When everybody fails your test

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(Another post that may be especially helpful for newbies.)

My last post about PARCC testing and the failure to release PARCC results speculates that the majority of America’s students failed that test. We will know sooner or later. They may change the passing score to fix the problem.

Shifting back from big-picture to daily life, though, I feel I ought to address the problem of the test or quiz that most or all of the class fails. When I first started teaching, that problem seldom impacted my life. I was writing my own tests and quizzes based on what I had taught. Students had seen and worked with the material. They seldom failed.

You may not be writing your own tests and quizzes, though. You may be forced to teach to tests and quizzes that somebody else wrote for you. You may get those tests and quizzes a week or less before you are required to administer them. That’s what happened to me last year. The fail rate went through the roof and I was doing damage control and test retakes all year. But that’s another story. Maybe.

Whether you wrote the test or not, if most students failed, you can’t simply move on. Further, you have to acknowledge a truth that seemed to elude my administrators last year: You just gave a bad test. Tests or quizzes that fail everyone don’t provide much information about what students know and they discourage future efforts, especially on the part of those who studied. If you worked three hours the night before to get ready and got clobbered, will you work three hours next time? Where’s the pay-off?

For purposes of this post, I am going to assume you are writing your own tests. You wrote and gave your test. The scores came in ranging from low to abysmally bad.

Here are some tips:

You probably need to reteach. If your district has a tightly-scripted curriculum and you don’t see available time to reteach, look at the subject matter. You may be able to move on from the history of astronomy. Your students won’t suffer across the years from their lack of knowledge of Tycho Brahe. Curve the test, start on the next topic and don’t look back.

But if you were teaching two-step equations, you must reteach. Your students require this knowledge to go forward in algebra and other math classes. In a curriculum time-bind, try to find before and after school tutoring time. Reserve at least part of the class block for vital, as-yet-confusing topics like those two-step equations.

Make sure your teaching aligns to your test. Any topic you test, you should have specifically taught. No student should ever see new material on a test. That’s the problem with borrowing tests or using older tests from past years. Even if those tests prove mostly appropriate, they often contain an idea or two that the class never explored.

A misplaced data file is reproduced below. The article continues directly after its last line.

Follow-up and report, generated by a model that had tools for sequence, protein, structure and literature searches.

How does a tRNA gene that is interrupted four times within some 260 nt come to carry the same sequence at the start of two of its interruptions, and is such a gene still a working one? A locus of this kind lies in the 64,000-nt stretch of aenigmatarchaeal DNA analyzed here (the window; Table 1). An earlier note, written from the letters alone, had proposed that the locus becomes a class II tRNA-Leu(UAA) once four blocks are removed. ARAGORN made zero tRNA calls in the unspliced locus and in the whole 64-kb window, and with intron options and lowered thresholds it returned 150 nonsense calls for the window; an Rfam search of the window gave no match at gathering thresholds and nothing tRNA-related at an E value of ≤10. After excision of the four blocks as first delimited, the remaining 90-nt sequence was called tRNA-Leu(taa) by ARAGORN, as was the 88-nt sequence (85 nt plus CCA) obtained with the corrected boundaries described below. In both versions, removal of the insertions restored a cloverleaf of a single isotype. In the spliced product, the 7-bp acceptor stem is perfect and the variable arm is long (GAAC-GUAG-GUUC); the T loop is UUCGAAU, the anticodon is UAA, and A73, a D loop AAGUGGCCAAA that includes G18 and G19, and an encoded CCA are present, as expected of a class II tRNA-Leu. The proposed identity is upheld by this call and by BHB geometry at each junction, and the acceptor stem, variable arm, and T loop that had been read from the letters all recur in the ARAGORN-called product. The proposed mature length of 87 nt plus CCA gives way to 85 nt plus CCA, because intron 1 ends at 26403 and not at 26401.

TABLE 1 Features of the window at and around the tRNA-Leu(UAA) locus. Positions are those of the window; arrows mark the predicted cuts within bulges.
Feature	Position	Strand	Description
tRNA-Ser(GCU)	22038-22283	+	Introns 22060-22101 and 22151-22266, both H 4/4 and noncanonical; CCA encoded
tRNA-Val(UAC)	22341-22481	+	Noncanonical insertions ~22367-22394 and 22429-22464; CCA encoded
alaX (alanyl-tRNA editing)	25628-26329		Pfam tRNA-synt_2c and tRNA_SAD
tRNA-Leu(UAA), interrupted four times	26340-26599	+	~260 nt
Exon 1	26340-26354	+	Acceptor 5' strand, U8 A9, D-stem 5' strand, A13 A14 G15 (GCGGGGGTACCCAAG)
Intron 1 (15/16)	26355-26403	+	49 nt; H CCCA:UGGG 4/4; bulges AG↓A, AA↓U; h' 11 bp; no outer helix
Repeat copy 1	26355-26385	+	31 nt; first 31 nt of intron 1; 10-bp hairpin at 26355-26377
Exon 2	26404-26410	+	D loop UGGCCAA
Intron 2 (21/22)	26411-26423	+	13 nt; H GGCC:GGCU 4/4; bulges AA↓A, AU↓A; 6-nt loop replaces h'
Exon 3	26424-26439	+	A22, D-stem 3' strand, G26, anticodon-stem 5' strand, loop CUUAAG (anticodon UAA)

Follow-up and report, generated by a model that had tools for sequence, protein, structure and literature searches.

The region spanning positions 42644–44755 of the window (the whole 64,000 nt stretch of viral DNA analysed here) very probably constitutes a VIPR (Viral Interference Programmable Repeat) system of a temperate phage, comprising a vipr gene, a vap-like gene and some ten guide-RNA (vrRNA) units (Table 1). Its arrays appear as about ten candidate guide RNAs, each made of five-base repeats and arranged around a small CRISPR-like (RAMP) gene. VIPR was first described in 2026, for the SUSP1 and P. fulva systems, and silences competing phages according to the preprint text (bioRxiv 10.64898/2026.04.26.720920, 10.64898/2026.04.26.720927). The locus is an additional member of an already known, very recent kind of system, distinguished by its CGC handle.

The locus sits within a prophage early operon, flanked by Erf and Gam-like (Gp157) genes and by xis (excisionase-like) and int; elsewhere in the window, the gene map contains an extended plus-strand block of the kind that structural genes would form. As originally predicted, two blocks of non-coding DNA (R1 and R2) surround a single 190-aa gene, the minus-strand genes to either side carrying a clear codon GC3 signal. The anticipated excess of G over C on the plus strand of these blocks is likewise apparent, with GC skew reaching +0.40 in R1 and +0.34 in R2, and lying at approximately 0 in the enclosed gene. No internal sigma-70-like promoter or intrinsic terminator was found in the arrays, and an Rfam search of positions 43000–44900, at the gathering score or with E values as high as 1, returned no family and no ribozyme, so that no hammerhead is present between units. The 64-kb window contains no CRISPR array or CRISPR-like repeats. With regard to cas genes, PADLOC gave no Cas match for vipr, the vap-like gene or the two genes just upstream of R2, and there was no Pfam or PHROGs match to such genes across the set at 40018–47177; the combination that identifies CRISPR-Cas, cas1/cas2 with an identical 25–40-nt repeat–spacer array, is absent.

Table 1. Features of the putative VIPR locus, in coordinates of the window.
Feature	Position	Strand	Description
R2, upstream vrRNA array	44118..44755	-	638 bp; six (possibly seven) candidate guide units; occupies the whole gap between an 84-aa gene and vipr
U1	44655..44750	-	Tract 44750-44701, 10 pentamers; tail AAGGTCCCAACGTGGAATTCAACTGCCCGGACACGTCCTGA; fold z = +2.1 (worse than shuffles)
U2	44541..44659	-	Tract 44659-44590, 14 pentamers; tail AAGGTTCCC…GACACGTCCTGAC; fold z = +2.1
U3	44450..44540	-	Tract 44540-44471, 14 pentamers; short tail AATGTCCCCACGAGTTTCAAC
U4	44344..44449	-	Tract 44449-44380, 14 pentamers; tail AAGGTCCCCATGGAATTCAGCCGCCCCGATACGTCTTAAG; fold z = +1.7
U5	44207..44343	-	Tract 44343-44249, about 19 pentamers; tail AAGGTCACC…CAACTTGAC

If you have to borrow a test in a time crunch, go through that test and eliminate problems that don’t fit well with previous instruction. In an extreme time crunch, when you can’t go through the test, allow students to drop a number of problems of their choice.

If you taught a topic but tests and quizzes show confusion, admit you don’t know how to get the idea over the plate yet. If teaching was a cookie-cutter job, they could make robots to spew out preprogrammed information. They can’t. There’s no disgrace in not knowing how best to teach a topic. We all learn by doing. The research indicates that first- and second-year teachers underperform their more experienced colleagues. Well, duhh. It takes time and effort to learn what works. Ask more experienced colleagues for help. What do they do? What works for them?

Steal lesson plans off the internet* if no one in school can help you. Use lectures on YouTube to explain a process differently when you can find quality material. Some kids listen more attentively to strangers on a screen, and a fresh take on a topic may reach learners who need extra reinforcement.

I have been known to apologize when tests went badly awry. If almost everyone failed, and I wrote the test, then I mishandled my topic or process somewhere. I don’t think there’s anything wrong with owning that failure. If I took the test from the book, but students studied the lectures, I should have warned them to study their textbook. If I assumed students knew a topic because they did a good drawing of the process, but I didn’t check beyond that to discover that most of those projects were copied off phones or home computers, I didn’t do enough pre-test assessment.

I strongly suggest test retakes be available to students. If grades fall too low, some students give up.

Allowing students to substitute projects for make-up tests can work well with many topics. Certain students learn better when they can pull out the colored pencils and markers.

As a last resort, if most or all of the class failed a test or quiz, reserve the right to throw that test out entirely, substituting a project to teach necessary concepts. Instead of testing scientific method, have your class prepare a PowerPoint or write a paper detailing the scientific method. A test that pulls down the whole class’s average benefits no one.

*Perhaps I should say borrow. If you do borrow, please give credit. When you change materials, share credit. I would write “By Sally Smith, adapted by Ms. Q” on such presentations. Giving credit for borrowed materials conveys a quiet lesson to students. We have too great a problem with plagiarism already.